Shirley Graham Du Bois was born on November 11, 1896 in Indianapolis Indiana, the only girl among six brothers. Noted for writing the first race opera, the future Mrs. Du Bois was an illustrious musician, singer, musical director, writer, and lecturer prior to marrying Du Bois. Her early life is characterized by frequent moves to different parts of the country, giving the young Shirley Graham a deep appreciation for the realities of blacks in America at the turn of the 20th century. Her father, Rev. Graham, and mother Etta Bell Graham were active leaders in the African Methodist Episcopal congregation, providing an example of activism for social justice.
Sometime in the early 1920s, Shirley Graham married first husband, Shadrach McCants, with whom she had two boys. Robert was born in 1923 and David in 1925. She divorced her first husband sometime around 1927, although she stated in her autobiography and in numerous interviews that she was widowed. In 1928, Shirley studied theories of musical composition and orchestration at Paris’ Sorbonne, becoming fluent in French. After leaving France, Graham toured around the country as a music instructor at Morgan College educating and inspiring an appreciation for the contributions of Black music to music at large. During this time, she continued her studies at Howard School of Music and the Institute of Musical Arts in New York City. In 1931, she began to see the importance of plays as a site of social activism and applied to Oberlin College. She argued, “the stage, whether it was through the medium of music or plays was a space where Negros could contest through their art, the distorted perceptions and/or images of them”. Shirley Graham’s opera Tom Tom debuted in Cleveland in 1932. The story follows the lives of four archetypical characters: The Voo Doo Man, The Mother, The Girl, and The Boy from Africa through the middle passage to North America, where they “undergo acculturation and fuse their traditional African ethos with a developing and ever evolving American ethos which results in new cultural forms, artistic expressions, utterances and musical forms.” Shirley Graham wanted the opera to be both educational and inspirational. Heralded as an “epic of music and the Negro race,” Tom Tom became the nation’s first race opera. While the opera received stellar reviews and garnered much anticipation for upcoming shows in other cities, the opera was unable to secure the necessary funding due to the economic effects of the Depression. After earning her Bachelor’s degree in 1934, Graham continued on to do graduate work. Her Master’s thesis, “The Survival of Africanisms in Modern Music” argued that European music was influenced by African music. Upon completion of her degree, Graham began work as the Director of the Black unit of the Federal Theatre Project, a part of President Franklin D. Roosevelt’s Works Progress Administration. Shirley and Du Bois were comrades in the fight for social justice and black social mobility. She maintained a relationship with Du Bois, whose beginnings are difficult to trace with accuracy. She would often communicate with leading figures of the day, including Du Bois, sharing her work and receiving their critique. In fact, Shirley even had Du Bois proof read her Master’s thesis. Interestingly, after achieving success as a playwright and director for Chicago’s black unit of the Federal Theatre Project, Du Bois began sending his plays to her for critique!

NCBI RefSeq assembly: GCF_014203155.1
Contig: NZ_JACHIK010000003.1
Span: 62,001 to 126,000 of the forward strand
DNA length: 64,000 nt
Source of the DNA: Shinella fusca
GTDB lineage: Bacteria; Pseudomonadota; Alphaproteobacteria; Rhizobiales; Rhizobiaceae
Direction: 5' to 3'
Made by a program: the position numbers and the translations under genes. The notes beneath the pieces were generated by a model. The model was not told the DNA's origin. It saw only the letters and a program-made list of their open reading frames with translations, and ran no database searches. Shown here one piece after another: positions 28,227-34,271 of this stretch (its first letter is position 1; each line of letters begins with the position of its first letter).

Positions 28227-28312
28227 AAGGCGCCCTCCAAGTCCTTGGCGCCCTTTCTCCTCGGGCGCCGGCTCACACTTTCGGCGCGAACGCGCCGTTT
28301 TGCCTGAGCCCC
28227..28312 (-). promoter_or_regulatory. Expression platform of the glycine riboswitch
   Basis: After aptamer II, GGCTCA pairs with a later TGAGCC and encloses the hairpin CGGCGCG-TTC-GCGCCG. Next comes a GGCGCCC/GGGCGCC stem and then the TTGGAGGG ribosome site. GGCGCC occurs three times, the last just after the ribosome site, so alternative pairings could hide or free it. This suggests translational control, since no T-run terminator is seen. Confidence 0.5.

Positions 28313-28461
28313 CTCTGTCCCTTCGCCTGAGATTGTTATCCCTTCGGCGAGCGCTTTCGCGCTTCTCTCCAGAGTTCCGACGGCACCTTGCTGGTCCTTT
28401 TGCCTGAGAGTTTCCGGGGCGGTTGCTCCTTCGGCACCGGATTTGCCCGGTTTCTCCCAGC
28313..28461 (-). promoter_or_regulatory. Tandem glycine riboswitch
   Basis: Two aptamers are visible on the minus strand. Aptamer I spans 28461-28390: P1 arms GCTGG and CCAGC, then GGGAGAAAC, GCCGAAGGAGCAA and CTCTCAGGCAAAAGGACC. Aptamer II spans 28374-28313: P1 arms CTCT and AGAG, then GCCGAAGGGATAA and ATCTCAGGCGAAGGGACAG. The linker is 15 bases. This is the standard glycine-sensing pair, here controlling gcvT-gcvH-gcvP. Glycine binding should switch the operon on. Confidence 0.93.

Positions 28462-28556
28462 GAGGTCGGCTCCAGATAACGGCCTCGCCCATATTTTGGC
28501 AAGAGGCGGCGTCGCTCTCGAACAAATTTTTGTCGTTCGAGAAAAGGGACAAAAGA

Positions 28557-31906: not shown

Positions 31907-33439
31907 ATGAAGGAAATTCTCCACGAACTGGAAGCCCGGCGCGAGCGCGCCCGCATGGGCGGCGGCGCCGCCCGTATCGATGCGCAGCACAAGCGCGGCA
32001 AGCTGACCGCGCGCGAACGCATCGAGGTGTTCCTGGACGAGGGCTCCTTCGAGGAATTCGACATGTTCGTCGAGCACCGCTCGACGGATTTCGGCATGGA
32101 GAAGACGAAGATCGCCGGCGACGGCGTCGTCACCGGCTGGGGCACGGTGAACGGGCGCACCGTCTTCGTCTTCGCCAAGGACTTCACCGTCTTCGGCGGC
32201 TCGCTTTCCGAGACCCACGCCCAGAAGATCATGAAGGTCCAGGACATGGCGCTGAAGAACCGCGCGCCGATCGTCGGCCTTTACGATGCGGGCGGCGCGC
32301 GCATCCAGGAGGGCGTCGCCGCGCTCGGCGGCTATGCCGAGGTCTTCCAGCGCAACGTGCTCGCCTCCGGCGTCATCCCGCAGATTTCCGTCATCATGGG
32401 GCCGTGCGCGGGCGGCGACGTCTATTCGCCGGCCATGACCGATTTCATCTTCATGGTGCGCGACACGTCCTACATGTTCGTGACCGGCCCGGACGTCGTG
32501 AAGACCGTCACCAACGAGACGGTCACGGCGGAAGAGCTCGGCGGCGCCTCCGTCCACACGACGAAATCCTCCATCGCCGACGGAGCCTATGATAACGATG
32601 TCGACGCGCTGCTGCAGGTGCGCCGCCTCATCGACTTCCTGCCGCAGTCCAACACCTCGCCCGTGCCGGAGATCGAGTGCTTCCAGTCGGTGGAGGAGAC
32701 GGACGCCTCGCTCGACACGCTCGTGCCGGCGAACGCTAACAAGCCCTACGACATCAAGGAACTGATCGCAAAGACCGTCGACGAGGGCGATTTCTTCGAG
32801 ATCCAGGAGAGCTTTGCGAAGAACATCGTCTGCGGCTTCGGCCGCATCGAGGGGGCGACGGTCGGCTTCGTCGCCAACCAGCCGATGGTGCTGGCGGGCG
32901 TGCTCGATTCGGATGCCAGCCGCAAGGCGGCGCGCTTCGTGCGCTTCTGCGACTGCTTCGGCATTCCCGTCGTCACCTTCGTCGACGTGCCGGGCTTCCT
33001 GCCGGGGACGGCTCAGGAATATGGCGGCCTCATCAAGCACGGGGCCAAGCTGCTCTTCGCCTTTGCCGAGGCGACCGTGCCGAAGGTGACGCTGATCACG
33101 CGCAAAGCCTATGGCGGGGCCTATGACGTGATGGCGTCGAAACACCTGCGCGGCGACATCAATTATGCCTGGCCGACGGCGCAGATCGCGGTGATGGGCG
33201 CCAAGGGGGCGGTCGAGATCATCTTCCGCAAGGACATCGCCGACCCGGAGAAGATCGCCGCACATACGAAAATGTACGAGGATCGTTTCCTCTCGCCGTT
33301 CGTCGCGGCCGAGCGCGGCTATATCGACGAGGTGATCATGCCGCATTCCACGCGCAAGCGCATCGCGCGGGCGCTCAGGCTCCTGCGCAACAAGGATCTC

Shirley Graham authored seven plays, Tom Tom (1932), It’s Morning (1937), Cold Dust (1939), Dust to Earth (1940), I Gotta Home (1939), Elijah’s Raven’s (1940), and Track 13 (1940). In 1941, Shirley became the head of the USO in Fort Huachuca in Arizona. There she was “responsible for boosting the morale of black soldiers and infusing entertainment into their lives;” perhaps more importantly, she served as an advocate between the servicemen and the higher authorities within the military establishment.” This experience culminated in a 1942 article, “The Negro and World War II.” Two years later, she became field secretary for the NAACP, where she traveled along the east coast assisting local leaders and recruiting new members. During this time, she transitioned from writing music and plays to writing children’s books. Her first biography was George Washington Carver: Scientist. She continued to write biographies of friend Paul Robeson, Frederick Douglass, Benjamin Banneker, and Phyllis Wheatley. She completed a total of eight children’s biographies between 1943 and 1955.
Shirley Graham’s relationship to Du Bois intensified upon her arrival to New York in 1947. The two married in February 1951, after decades of correspondence and shortly after Du Bois’ first wife passed away. In an interview Shirley’s son David credits his mother with broadening Du Bois’ influences. She helped him to achieve wider promotion among white audiences. Prior to Shirley, Du Bois focused his efforts within the black community. After Du Bois’ death in 1963, she worked to develop a national telecommunications infrastructure in Ghana with Ghana television. Shirley Graham Du Bois continued to work for Pan Africanism and Civil Rights until her death on March 27, 1977 in Beijing China, after going there for breast cancer treatment.
Credit: McFadden, Alesia. (2009). The Artistry and Activism of Shirley Graham Du Bois: A Twentieth Century African American Torchbearer. [Doctoral dissertation] Retrieved from U Mass Libraries.